The Lake District of 2050 will probably feel very different from today. As climate change takes hold, weather patterns will alter and extreme events will become more common. The coastline will change, as will conditions for all wildlife.
But the changes we need to make to move to a low-carbon Lake District will bring additional benefits to our communities and visitors. Resilient communities that cut their energy costs and generate renewable energy will prosper. So will tourism businesses that tap into the growing market for low-impact holidays. Transport options like bikes, boats, buses and, of course, boots are all low in carbon but high in fun and great for people's physical activity and mental health.
We can lock greenhouse gases into the landscape through good land management. Above all, we can encourage the millions of people who visit the Lake District to join us in taking action.
In 2008 we launched the Low-carbon Lake District initiative. It is a comprehensive programme to tackle climate change in the National Park. We work in partnership with local businesses, communities and agencies to reduce greenhouse gases and prepare for the impacts of climate change.
Carbon in the Lake District landscape: We have mapped the carbon currently stored in the Lake District, and calculated the amounts stored in peatlands and woodlands.
GoLakes Travel Programme: A three-year programme transforming how visitors get to, and travel around, the Central and Southern Lake District.
Our planning policies: these make sure development in the National Park meets the highest energy efficiency standards and, where possible, integrates low-carbon energy generation.
Our own carbon reduction: We have met our target to reduce our own carbon emissions by 25 per cent over four years. We are now committed to a rolling programme of carbon reduction.
Learning about climate: Our learning team has developed educational resources to help learning about climate change.
We are helping locals build resilience and adapt to a changing climate. In 2012 we published an initial assessment of risks, opportunities and actions for climate change adaptation in the Lake District.
Cumbria Carbon Footprint Report (PDF): We are working with local authorities in Cumbria and with the Local Enterprise Partnership, to measure and manage emissions across the county.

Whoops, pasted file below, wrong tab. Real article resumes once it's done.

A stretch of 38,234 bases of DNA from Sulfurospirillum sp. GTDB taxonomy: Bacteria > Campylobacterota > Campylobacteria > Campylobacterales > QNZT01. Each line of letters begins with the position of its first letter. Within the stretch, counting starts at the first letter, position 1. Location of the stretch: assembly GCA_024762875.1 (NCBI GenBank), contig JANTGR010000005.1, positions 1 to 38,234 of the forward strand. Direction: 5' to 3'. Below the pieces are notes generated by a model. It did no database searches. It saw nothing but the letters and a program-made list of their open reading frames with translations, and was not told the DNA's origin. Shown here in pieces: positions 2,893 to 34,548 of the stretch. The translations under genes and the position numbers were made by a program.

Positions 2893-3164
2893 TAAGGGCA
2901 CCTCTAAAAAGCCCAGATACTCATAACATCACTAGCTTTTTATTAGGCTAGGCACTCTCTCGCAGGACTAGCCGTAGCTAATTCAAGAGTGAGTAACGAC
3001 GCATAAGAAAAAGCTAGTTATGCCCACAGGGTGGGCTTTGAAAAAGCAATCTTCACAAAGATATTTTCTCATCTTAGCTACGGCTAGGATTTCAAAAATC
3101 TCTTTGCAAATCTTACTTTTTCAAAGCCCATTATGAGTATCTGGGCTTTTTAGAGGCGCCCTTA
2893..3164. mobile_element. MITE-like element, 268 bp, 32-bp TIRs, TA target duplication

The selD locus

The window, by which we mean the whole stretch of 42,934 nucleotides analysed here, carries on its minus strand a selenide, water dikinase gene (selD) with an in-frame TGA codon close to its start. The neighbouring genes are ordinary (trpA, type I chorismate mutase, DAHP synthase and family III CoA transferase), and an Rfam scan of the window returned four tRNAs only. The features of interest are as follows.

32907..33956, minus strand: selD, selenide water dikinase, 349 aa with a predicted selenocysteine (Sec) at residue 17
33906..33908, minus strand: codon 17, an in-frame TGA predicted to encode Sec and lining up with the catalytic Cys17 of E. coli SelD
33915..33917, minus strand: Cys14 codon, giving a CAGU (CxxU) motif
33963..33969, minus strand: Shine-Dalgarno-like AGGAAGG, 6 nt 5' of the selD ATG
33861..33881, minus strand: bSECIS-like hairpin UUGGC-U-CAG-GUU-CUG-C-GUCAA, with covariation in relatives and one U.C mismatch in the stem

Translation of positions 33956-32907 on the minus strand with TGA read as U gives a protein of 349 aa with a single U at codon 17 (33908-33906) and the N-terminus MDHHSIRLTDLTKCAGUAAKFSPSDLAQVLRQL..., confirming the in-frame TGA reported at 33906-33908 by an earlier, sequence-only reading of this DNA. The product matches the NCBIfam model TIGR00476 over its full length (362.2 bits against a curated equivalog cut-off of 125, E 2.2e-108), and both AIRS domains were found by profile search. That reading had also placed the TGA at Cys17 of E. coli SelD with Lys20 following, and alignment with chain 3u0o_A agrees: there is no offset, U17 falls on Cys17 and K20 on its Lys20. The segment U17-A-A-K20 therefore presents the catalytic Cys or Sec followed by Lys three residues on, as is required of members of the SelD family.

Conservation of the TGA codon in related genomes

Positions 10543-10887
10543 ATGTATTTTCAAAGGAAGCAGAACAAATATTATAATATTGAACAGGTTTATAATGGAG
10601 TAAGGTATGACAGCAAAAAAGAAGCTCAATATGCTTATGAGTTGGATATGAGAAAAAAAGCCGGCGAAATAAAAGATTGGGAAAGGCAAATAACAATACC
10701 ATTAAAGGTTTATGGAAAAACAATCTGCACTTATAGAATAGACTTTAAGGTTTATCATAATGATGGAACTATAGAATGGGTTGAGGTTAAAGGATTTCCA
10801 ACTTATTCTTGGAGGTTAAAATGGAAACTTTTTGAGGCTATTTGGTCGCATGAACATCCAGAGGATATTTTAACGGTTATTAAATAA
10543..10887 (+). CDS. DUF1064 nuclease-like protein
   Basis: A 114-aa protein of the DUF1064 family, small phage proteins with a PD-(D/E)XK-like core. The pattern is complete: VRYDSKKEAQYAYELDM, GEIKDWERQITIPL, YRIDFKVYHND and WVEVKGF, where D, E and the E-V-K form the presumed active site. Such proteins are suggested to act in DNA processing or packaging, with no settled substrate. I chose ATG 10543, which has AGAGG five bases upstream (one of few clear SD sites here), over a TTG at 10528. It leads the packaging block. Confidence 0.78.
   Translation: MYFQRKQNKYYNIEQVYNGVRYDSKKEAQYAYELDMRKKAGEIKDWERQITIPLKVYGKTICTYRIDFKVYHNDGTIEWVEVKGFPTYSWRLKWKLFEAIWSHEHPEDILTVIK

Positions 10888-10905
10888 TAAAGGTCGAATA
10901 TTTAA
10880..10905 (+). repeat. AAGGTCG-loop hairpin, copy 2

Everyone: You can read more details about the science of climate change, or take a look at Climate science explained - short guide by Green Alliance
Visitors: Try and travel to and around the Lake District on sustainable transport and support the Fix the Fells work to protect footpaths, and save carbon by preventing erorion.
Homeowners: think about renewable energy. For biomass fuel systems, our co-funded Warmth from wood booklet has some great real-life examples.
Land managers: Read our advice for managaing land for carbon
The work began in 2008, when we published The Low-carbon Lake District Report. This looks at the effects of climate change on the Lake District landscape and communities, investigates what is already being done to cut carbon, and helps chart a way forward. Read the full Low Carbon Lake District Report (4MB PDF)
The Low-carbon Lake District Initiative was launched at a conference in June 2008 in Kendal. Read the Low Carbon Lake District Conference Summary (Word document)
In July 2010 we held a follow-up Summit to bring together all those who have been working with us on the Low-Carbon Lake District Initiative. We took stock of our achievements and planned together for the future. We heard about successful initiatives elsewhere, and learnt what we could do better.
For details of the talks and workshop sessions, please read the Low Carbon Lake District Summit report (PDF).
The Low Carbon Lake District initiative is a comprehensive programme to help tackle climate change in the National Park, working in partnership with local businesses and communities to reduce greenhouse gases and prepare for the impacts of climate change.
The project has received £4,216,868 funding from the England European Structural and Investment Funds Growth Programme 2014- 2020. The Ministry of Housing, Communities and Local Government and the Department for Work and Pensions (and in London the intermediate body Greater London Authority) are the Managing Authorities for European Regional Development Fund and European Social Fund funding through the Growth Programme, funds established by the European Union to help local areas stimulate their economic development. By investing in projects the funds will help to support innovation, businesses, skills and employment to improve local growth and create jobs. For more information visit: https://www.gov.uk/europeangrowth-funding
The Northern Powerhouse is a key aspect of this Government’s approach to addressing the productivity gap in the North and ensuring a stronger, more sustainable economy for all parts of the UK. Alongside over €1.5 billion of European Regional Development Fund support for businesses and communities across the North, the government has awarded £3.4 billion in three rounds of Growth Deals across the Northern Powerhouse. The European Social Fund has supported the Keswick to Threlkeld Multi User Trail, a lake source heat pump and energy efficiency enhancements to the White House at Brockhole, a solar powered (with battery backup) electric vehicle charging system and a demonstration of electric autonomous vehicles, also at Brockhole.